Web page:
SFU history department shuts down because “who cares, what’s done is done”

Students describe history profs as “starving for literally anything new to happen”

Photo: Chris Ho / The Peak

Written by Marco Ovies, Arts Editor

On Friday, SFU’s incoming president Joy Johnson announced her plans to shut down SFU’s Department of History. The university hosted a Town Hall in Images Theatre for students to discuss the future of the school’s history programs.

“Who cares about history?” Johnson pointed out to the crowd, to raucous applause. “It already happened! It’s over! What’s done is done!”

Students were vocal in supporting Johnson’s announcement, joining in a chant of “Liberty Bell! Disappointing and dumb!” throughout the assembly. Some students even feel that the department staff will benefit from being ousted.

“These profs act all upset, but secretly they really want things shaken up. We can all tell,” says Hank Balarmey, a first year student in attendance. “Don’t believe it? Take literally any history class ever and see if they have any fresh conversational material. Those history people think they do — but they don’t. They’re literally studying the history of history now . . . pretty soon they’re going to run out of excuses to keep going. 

“They are starving for literally anything new to happen and nothing could be better than unemployment.”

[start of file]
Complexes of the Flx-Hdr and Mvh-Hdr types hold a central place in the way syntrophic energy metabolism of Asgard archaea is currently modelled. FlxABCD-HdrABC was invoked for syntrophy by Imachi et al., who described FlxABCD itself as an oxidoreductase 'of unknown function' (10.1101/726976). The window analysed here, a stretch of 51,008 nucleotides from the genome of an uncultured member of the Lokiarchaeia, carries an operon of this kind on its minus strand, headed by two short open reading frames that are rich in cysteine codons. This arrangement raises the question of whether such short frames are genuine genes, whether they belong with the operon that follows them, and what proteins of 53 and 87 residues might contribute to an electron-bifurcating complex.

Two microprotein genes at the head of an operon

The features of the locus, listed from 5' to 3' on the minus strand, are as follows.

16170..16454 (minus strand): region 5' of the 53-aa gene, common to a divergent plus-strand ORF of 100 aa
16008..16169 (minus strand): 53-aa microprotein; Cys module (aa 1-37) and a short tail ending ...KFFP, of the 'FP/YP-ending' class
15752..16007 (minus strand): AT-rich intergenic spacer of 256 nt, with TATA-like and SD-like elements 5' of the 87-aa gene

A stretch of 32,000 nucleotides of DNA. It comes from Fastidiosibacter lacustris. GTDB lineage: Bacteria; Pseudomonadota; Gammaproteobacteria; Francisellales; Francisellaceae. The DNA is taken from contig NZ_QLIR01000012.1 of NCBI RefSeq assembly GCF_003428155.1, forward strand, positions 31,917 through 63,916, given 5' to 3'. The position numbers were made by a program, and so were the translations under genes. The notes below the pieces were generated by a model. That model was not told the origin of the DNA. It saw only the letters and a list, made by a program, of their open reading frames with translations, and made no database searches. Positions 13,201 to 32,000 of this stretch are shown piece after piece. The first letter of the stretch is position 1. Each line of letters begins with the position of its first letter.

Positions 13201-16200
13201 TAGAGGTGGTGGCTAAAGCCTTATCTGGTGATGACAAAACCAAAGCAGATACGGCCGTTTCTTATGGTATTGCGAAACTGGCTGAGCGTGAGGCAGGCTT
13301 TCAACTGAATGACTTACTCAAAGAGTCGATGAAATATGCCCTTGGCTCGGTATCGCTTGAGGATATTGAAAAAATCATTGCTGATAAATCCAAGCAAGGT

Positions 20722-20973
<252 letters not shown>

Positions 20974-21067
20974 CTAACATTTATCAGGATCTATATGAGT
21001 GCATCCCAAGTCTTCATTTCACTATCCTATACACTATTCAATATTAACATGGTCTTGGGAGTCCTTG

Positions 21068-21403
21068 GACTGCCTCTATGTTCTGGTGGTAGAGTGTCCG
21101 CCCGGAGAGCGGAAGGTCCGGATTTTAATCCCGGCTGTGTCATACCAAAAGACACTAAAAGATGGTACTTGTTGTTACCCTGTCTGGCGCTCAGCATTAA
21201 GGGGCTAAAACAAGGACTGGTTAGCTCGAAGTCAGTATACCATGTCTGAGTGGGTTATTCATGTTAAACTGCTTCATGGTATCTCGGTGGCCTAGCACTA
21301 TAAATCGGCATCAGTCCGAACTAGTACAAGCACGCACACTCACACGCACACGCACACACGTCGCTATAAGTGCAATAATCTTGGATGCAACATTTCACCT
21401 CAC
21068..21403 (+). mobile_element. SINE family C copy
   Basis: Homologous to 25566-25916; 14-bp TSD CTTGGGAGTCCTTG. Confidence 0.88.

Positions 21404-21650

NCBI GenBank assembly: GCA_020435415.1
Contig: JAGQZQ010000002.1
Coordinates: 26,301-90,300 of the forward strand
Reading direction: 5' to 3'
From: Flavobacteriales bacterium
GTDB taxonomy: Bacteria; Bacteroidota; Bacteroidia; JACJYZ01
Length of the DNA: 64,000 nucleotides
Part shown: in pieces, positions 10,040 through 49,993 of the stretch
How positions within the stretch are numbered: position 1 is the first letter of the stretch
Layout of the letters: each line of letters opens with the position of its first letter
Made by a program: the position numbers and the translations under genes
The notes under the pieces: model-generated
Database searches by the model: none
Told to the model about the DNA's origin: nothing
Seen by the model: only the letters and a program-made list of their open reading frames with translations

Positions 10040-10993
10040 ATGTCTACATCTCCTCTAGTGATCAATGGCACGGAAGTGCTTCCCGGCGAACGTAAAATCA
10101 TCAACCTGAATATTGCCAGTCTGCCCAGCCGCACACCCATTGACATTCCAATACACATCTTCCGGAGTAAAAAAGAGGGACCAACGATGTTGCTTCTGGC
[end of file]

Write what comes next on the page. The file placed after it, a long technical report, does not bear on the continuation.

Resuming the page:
Despite Balarmey’s assurances, however, faculty appeared truly off-put by Johnson’s announcements.

“SFU is acting like President Hoover during the Great Depression,” said Dr. Blank, history professor at SFU. “They just don’t give a dam.” Blank spent the Town Hall stabbing his Caesar salad to the rhythm of “Rasputin” by Boney M., before storming out in protest to one of his dingy 5000-level tutorial rooms in the AQ.

SFU’s Department of History is infamous for starting in 1965 as an SFSS club, meeting weekly to reminisce over the “good old days” in high school. Eventually, they ran out of grudges to loudly pretend to have gotten over, and quickly moved on to their elementary school days, their toddler years, and their babyhoods. Upon arriving at throwbacks to water breaking, the history department was born, in search of ever more things in the past to dwell on.

In fact, in a final tribute to the department’s roots, SFU encourages history majors and minors to see Academic Advising, where they can have “HIST 000: Peaking In High School” added to their transcripts as course credit to satisfy all remaining graduation requirements.